We study targeted lockdowns in a multi-group SIR model where infection, hospitalisation and fatality rates vary between groups—in particular between the young”, “the middle-aged” and the “old”.
Our model enables a tractable quantitative analysis of optimal policy. For baseline parameter values for the COVID-19 pandemic applied to the US, we find that optimal policies differentially targeting risk/age groups significantly outperform optimal uniform policies and most of the gains can be realised by having stricter lockdown policies on the oldest group.
Intuitively, a strict and long lockdown for the most vulnerable group both reduces infections and enables less strict lockdowns for the lower-risk groups.
We also study the impacts of group distancing, testing and contact tracing, the matching technology and the expected arrival time of a vaccine on optimal policies.
Overall, targeted policies that are combined with measures that reduce interactions between groups and increase testing and isolation of the infected can minimise both economic losses and deaths in our model.
Daron Acemoglu. Image by: Jared Charney (MIT).
Daron Acemoglu is the Charles P Kindleberger Professor of Applied Economics in the Department of Economics at the Massachusetts Institute of technology and a member of the Economic Growth Program of the Canadian Institute of Advanced Research. He is also affiliated with the National Bureau of Economic Research, the Center for Economic Performance, the Center for Economic Policy Research, and Microsoft Research Center.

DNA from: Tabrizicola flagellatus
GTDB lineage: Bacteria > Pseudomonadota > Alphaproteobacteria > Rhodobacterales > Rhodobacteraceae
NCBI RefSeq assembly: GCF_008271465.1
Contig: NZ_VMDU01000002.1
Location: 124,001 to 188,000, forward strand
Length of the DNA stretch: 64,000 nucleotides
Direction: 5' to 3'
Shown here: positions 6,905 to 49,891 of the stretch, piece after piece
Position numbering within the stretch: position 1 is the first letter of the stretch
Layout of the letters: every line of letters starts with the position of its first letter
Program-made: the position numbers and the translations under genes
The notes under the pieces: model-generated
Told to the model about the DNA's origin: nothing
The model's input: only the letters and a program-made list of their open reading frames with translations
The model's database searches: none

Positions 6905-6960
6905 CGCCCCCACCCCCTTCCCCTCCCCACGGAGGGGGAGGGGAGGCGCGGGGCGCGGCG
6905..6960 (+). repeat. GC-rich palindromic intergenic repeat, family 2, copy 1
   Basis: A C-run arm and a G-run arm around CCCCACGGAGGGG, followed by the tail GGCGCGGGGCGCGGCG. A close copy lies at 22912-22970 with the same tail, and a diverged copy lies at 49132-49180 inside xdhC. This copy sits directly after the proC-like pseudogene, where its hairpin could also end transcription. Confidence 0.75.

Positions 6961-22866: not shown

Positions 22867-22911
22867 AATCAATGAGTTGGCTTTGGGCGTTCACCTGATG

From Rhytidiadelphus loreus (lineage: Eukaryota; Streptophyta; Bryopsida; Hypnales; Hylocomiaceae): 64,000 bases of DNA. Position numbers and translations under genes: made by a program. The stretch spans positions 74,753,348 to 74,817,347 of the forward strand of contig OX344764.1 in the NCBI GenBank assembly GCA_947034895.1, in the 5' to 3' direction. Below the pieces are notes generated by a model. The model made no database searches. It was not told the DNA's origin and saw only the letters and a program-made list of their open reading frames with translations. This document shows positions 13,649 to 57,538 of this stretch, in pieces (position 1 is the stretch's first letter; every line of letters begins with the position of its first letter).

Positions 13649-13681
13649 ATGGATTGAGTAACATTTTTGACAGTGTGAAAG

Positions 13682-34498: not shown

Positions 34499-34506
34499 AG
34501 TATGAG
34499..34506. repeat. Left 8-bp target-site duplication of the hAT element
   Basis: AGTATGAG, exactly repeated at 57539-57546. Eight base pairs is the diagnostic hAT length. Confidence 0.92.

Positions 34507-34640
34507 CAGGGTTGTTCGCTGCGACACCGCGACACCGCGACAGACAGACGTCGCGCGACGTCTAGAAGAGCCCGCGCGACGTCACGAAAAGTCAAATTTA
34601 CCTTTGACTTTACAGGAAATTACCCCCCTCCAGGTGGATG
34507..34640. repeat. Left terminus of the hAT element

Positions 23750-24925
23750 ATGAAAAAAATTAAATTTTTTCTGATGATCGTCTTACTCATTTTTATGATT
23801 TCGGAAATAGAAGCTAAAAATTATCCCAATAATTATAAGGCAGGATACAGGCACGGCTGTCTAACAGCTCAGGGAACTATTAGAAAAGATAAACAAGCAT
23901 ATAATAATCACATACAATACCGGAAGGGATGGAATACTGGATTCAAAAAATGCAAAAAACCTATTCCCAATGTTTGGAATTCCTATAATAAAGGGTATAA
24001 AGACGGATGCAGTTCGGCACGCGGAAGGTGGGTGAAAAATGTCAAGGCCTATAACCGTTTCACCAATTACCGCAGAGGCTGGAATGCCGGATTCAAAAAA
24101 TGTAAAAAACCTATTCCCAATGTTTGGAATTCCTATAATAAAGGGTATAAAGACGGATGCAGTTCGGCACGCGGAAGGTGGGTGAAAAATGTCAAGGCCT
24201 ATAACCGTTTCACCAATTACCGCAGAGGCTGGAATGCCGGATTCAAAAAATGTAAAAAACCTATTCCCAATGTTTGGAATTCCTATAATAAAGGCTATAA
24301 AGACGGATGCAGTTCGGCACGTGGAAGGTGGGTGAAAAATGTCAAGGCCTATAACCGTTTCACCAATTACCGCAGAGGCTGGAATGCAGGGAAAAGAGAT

Since 1993, he has been a lecturer at the London School of Economics and an assistant professor, the Pentti Kouri Associate Professor, and a professor of economics at MIT. Acemoglu has received numerous awards and fellowships, including the John Bates Clark Medal in 2005, given every two years to the best economist in the United States under the age of 40 by the American Economic Association, and holds an honorary doctorate from the University of Utrecht.
He has co-authored, with James A Robinson, Why Nations Fail: The Origins of Power, Prosperity and Poverty and, a 2019 publication, The Narrow Corridor: States, Societies, and the Fate of Liberty. This most recent work is a sweeping account of the rise of the modern world, Acemoglu and Robinson argue that only in rare circumstances have states managed to produce free societies. States must walk a thin line to achieve liberty, passing through what the authors describe as a “narrow corridor”.
Acemoglu received a BA in Economics at the University of York in 1989, an MSc in Mathematical Economics and Econometrics at the London School of Economics in 1990, and a PhD in Economics at the London School of Economics in 1992.
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